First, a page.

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  • LIFESTYLE

    From Reading to Nakhon Nowhere

    Brunch, Alan Parkhouse, Published on 06/05/2018

    » For the past 39 years, Roger Crutchley's weekly Postscript column has kept Bangkok Post readers smiling, taking a light-hearted look at life through the eyes of a long-time expat as well as being a welcome respite from the regular angst of crime, local politics, demonstrations and coups that often filled the rest of the paper.

  • LIFESTYLE

    Ravens' feast

    Life, Bernard Trink, Published on 27/12/2018

    » This reviewer's understanding of historical novels is that the authors do historical research on their topic, using actual figures and imaginary ones where need-be, to write essentially factual and hopefully interesting stories. But not all historical novelists follow this form. Some are more concerned about their own largely fictitious story than the actual events behind it.

  • LIFESTYLE

    Action-packed

    Life, Bernard Trink, Published on 15/06/2018

    » When a popular author passes away, his/her estate seeks a replacement to keep generating income. Hopefully, one who can step into the shoes with nary a squeak. Alas, there have been more than a few squeaks and the replacement -- a competent scribe for the stories he's accustomed to writing -- is unable to make the change. The estate may try others with the same result.

  • LIFESTYLE

    A geopolitical pivot

    Life, Published on 01/12/2017

    » During the Indochina War years from the 1950s through to the 1970s, America's seven military bases in Thailand symbolised the extraordinary extent of US influence over the politics and development of the Kingdom. In the subsequent 30 years, American influence in Thailand has slowly but steadily waned, largely supplanted by a rising China. Thailand, which had been a linchpin of America's Asian strategy, is now instead a linchpin of China's Asian strategy. American soldiers on R&R have been replaced by Chinese tourists, American airbases by plans for Chinese high-speed rail links. China, not the US, is now Thailand's largest trading partner.

  • LIFESTYLE

    Roman Britain

    Life, Bernard Trink, Published on 10/03/2017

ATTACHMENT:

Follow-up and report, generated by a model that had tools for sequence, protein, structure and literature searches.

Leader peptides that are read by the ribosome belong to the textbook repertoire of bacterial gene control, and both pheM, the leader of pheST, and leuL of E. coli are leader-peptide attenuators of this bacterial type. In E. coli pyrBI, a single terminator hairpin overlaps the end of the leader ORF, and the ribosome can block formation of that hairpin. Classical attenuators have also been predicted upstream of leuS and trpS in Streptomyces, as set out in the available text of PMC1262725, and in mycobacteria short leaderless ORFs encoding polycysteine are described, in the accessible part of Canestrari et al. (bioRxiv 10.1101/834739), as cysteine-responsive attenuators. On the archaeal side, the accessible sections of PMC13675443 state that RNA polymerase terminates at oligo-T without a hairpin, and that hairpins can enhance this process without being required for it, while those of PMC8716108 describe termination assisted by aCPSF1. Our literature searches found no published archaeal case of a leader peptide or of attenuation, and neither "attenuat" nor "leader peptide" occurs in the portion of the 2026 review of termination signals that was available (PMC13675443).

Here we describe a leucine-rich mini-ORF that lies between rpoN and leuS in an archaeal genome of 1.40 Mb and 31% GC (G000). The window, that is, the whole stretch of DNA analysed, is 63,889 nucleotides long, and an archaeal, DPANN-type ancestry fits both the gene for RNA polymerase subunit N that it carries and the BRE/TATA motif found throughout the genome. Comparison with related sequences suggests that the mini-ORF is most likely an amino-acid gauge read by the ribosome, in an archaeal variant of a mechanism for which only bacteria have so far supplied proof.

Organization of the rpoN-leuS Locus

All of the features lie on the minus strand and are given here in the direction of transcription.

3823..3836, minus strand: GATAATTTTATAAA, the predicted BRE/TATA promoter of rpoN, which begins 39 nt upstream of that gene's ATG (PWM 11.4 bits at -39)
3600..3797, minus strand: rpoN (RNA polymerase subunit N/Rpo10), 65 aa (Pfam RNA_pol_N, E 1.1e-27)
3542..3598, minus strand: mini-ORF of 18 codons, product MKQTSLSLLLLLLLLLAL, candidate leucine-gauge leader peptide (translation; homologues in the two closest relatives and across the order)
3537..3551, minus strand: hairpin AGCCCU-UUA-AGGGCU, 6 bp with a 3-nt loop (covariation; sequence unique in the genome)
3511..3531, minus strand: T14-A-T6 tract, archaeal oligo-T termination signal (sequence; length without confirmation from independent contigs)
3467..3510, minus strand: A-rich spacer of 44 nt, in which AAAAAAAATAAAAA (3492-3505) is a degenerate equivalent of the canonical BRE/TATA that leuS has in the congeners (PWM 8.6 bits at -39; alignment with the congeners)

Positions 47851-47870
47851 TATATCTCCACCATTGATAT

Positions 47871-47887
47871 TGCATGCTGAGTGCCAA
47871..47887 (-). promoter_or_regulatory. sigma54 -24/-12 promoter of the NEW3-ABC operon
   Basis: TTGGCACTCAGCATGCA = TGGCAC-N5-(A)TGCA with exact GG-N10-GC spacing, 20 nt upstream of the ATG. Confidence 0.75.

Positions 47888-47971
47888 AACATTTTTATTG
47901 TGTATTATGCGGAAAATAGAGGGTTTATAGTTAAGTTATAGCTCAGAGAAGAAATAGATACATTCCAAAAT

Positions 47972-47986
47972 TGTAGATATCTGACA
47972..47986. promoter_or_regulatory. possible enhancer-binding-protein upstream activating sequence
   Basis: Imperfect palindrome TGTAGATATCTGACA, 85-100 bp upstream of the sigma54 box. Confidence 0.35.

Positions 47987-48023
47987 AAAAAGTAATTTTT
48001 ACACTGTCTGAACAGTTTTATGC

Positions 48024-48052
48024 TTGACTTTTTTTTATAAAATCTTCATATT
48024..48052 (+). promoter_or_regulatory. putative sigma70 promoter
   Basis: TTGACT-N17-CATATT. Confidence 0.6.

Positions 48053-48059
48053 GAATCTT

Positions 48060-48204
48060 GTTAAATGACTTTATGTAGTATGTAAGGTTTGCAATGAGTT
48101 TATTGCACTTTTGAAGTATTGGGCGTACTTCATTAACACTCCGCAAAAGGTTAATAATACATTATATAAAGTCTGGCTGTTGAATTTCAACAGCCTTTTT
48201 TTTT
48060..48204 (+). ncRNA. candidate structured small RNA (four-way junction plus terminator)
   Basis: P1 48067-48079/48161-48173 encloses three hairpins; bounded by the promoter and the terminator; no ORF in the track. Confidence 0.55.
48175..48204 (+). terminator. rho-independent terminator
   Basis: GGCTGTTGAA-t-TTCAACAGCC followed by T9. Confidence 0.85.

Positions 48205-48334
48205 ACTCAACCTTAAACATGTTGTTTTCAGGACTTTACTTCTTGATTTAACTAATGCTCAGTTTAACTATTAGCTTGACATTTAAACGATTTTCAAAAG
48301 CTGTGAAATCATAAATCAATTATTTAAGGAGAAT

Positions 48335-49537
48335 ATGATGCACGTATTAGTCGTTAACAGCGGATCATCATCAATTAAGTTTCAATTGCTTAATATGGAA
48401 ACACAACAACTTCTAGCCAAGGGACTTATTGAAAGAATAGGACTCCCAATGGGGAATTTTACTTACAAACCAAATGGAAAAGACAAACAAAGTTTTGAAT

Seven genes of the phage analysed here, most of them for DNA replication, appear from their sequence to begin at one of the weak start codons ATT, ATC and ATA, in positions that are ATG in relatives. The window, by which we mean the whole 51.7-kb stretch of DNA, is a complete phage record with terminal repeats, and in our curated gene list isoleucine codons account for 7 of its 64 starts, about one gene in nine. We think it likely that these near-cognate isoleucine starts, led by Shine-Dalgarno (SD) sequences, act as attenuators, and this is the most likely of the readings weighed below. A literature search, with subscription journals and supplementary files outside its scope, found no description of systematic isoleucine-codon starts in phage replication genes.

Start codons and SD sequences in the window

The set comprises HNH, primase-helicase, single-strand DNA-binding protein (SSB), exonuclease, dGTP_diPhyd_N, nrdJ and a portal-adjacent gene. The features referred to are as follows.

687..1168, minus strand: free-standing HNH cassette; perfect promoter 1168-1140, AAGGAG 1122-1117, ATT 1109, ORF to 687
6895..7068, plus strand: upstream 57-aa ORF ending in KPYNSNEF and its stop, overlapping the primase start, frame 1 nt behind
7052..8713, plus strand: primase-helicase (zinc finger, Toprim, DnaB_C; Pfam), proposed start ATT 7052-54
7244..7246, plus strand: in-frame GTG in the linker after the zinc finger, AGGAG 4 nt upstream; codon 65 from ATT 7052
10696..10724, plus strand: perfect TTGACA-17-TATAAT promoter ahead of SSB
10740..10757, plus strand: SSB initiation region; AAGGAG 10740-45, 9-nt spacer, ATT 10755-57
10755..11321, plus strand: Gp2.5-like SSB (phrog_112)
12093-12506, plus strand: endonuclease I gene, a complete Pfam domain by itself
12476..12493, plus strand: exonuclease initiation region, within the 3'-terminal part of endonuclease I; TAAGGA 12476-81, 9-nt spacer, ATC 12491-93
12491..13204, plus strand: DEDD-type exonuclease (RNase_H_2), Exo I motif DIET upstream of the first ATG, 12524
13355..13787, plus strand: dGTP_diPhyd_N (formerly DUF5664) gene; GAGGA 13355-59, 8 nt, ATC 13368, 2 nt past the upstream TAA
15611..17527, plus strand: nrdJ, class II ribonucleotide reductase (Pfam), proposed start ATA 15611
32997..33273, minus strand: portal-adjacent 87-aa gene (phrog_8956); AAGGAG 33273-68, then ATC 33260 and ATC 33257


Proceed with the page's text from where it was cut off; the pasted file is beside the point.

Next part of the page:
» Ancient Rome's legions -- approximately 5,500 men each -- were rightly famed for their fighting skills. Overlooked is that they were more than warriors. Incomparable engineers, they built fortresses that still stand, and constructed roads and aqueducts.

  • LIFESTYLE

    New books worth reading

    Life, Anchalee Kongrut, Published on 29/12/2016

    » From Dust To Dust: A Journalist's Memoir

  • LIFESTYLE

    More equal than most

    Life, Published on 04/01/2016

    » Over the past decade of Thailand's political turmoil, the colour-coded camps contesting power have offered starkly different visions of the kind of country they would like Thailand to be. Different perceptions of inequality in Thailand are at the heart of the polarisation.

  • LIFESTYLE

    Crime and culture

    Life, Bernard Trink, Published on 04/01/2016

    » As a New Yorker, my friends and neighbours sent me off to Asia, via Japan, to do my duty in the Korean "Police action". The continent got into my blood and I resolved to head back after receiving my honourable discharge from the military, which I did as a backpacker six years later.

  • LIFESTYLE

    The Rise and Fall

    Life, Published on 17/08/2015

    » Imperialism -- empire building -- is as old as civilisation. There have always been those who felt this system of government to be superior and should incorporate others less fortunate. And be paid handsomely for their good intentions. Protesting indicated that they were too ignorant to know what was good for them.

  • LIFESTYLE

    The War on drugs

    Life, Bernard Trink, Published on 09/05/2016

    » Drugs are a trillion-dollar business and the so-called War on Drugs is under-financed. So much is paid to the powers that be to turn a blind eye that those who fight the good fight deserve the credit they get when busting a drug ring.

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